Have you ever been on the plane, n the train, the bus or in the backseat of a car and been left to hold your media player so you can see what’s playing on the screen? I have, plenty of times in fact, and it can get your arms very tired very quickly depending on how you hold it. There’s a reason while portable DVD players for cars come with headrest mounts, and now you can get an accessory that will give you the same feature anywhere you have a seat in front of you. Enter the Flightstrap.
How it works
The concept of the Flightstrap is so simple that you ‘re left to wonder why no one has thought of it before. It’s simply put a clamp that grabs your media player and a set of straps that are designed to work on different types of seats. The most ingenious way of mounting the Flightstrap is to use velcro: many seats have removable paper or fabric covers attached to the headrest of the seats, and these are often attached with velcro. The Flightstrap is designed to be inserted in between the velcro on the covers and the velcro on the seat and securely attach to the seat without annoying the person in the seat you’re attaching the Flightstrap to.
If the velcro option is not a possibility, there’s always the two other methods for attaching the Flightstrap. First, there are two hooks on the strap with the velcro, primarily meant to be used to attach the Flightstrap to a headrest post, or any sort of groove or net that you can make work with them. Finally you have a straight forward wide adjustable strap that go around the seat itself. This is the most universal method of the three and almost guaranteed to work, but if the seat in front is curved (which most are) to fit the shape of a person it won’t sit flush and might annoy the person in front if you’re unlucky.
The media player itself fits into an adjustable clamp that grips it softly and secures with a screw on the back. You then snap it onto the strap you attached to the seat and get on with watching whatever you wanted to watch.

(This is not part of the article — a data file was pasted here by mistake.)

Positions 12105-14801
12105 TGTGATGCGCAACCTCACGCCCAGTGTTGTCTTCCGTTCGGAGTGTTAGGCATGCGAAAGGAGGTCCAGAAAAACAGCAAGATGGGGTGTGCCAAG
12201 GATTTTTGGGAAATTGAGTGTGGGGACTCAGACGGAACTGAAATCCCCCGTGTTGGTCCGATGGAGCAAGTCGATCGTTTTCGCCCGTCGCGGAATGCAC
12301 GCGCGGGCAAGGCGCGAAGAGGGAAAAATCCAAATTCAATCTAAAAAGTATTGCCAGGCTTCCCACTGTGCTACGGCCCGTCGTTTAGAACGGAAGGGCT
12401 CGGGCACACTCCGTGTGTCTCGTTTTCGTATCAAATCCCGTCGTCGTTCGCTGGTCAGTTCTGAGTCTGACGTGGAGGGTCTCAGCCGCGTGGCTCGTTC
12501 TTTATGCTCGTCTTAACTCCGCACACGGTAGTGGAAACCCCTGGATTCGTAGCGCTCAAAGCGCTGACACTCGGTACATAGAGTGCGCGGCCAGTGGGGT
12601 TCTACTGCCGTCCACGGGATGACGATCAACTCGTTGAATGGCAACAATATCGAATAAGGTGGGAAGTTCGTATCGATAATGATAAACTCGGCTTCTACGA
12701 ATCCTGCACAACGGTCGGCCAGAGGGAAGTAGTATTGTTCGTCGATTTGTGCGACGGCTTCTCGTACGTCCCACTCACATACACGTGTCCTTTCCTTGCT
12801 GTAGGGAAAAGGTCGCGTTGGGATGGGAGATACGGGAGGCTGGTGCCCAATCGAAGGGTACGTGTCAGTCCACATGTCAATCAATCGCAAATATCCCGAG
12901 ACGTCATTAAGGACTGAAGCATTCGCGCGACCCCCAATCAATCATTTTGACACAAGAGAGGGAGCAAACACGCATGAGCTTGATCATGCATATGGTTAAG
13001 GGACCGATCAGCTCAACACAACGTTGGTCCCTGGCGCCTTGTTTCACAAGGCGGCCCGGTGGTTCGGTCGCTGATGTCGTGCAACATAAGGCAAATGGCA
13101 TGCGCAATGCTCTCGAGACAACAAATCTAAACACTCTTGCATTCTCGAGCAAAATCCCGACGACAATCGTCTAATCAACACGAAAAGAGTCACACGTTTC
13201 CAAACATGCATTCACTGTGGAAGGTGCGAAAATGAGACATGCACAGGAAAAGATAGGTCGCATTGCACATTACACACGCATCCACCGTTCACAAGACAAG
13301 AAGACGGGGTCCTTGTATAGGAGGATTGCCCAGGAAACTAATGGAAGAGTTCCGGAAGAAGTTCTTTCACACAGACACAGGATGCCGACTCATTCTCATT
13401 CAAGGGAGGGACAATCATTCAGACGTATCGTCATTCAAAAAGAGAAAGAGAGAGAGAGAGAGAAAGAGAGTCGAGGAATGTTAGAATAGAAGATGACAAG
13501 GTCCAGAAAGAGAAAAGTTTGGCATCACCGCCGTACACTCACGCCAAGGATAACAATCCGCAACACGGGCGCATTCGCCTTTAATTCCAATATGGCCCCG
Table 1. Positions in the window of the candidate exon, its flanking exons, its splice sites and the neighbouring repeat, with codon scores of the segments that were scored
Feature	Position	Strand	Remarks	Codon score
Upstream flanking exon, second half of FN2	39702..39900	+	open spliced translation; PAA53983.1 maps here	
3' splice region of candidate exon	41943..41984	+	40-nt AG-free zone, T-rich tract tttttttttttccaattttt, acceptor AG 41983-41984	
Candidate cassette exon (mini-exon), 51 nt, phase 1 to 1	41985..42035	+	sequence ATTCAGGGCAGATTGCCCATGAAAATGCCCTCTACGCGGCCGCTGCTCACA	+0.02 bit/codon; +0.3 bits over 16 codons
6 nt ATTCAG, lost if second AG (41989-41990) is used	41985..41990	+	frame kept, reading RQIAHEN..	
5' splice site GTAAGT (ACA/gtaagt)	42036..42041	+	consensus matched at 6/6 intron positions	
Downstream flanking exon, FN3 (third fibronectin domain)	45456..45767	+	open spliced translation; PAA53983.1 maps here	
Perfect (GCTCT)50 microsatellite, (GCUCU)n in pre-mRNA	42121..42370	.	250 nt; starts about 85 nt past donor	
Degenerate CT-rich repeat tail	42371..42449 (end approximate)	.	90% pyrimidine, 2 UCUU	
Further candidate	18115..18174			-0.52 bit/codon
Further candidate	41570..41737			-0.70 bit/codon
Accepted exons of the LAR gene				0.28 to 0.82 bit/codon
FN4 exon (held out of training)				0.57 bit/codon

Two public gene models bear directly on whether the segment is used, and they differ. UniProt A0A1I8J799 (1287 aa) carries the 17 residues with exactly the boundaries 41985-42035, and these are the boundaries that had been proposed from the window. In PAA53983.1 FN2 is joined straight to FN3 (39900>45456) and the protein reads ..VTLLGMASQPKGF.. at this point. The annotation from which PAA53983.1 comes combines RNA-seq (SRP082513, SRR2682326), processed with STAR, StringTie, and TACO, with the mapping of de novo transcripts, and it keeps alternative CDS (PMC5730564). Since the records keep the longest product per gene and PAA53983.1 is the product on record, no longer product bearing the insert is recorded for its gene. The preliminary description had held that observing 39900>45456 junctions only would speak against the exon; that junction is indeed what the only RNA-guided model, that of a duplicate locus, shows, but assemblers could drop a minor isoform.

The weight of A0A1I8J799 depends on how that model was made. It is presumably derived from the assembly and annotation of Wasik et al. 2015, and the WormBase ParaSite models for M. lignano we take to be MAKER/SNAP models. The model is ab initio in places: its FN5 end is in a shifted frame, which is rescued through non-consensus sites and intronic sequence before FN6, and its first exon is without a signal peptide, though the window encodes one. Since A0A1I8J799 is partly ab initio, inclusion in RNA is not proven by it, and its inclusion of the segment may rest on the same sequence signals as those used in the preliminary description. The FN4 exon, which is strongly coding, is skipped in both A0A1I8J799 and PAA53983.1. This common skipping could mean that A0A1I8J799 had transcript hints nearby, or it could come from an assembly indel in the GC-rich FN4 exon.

As an added bonus the clamp can also be used separately on a table or flat surface as a video stand. They also include a pair of earbuds (not earphones, just the type that blocks noise) and a sleeping mask in case you want to relax for a bit. A nice bonus, although a screen cloth would make much more sense to include if you ask me.
The concept of the Flighstrap is so brilliantly simple yet utterly invaluable on a long trip, and for the most part it does what it promises. The two main grips I have with it is the size of player it can accept and the viewing angle you end up with when it’s all in place on the seat. The first point is simple, while it will accept rather large devices up to say 7″, in these days of tablets it would be nice to be able to fit even larger devices in it. Of course weight might end up playing a role if you tried putting something that weighs several pounds in there, but the Viliv S5 I put in it had no trouble hanging in place and it’s heavier than many similar devices with larger screens.
The other gripe I have is the viewing angle that results from using it on some type of seats (positions). I predicted this would be a problem the moment I saw it, and unfortunately it didn’t prove me wrong when I tested it out. Basically the problem is that the strap attaches to the back of the clamp, meaning the center of gravity will be too far back and the weight of the player will make it tip forward and point the screen down, unless the seat is perfectly vertical and stops it from doing so. The Flightstrap will normally rest on the headrest part of the seat (if there is one) so whether this is a problem or not depends on what seat you’re mounting it on and what angle it or its headrest has. If you have a thin player you can compensate a bit by inserting the device in the clamp at an angle, but it’s still not a perfect solution. To fix this, the strap should have been attached to the clamp either in the center of the player or in the front (or even better, be an adjustable part) in order to angle the screen towards you (given that you’re in an upright position), but that would have required more material and a bit more of a complicated design.
The Flighstrap has a couple of limitations, but it’s still a great product. For $20 it’s an invaluable accessory for people who travel of commute and it’s small enough to not be a bother to carry around. It’s a perfect example how simple solutions are sometimes the best, and there’s really not much more to say about it other than “it works”.
Flightstrap is a new start up and still looking for distributors, but if you want one you can get it from Conics for $21.60.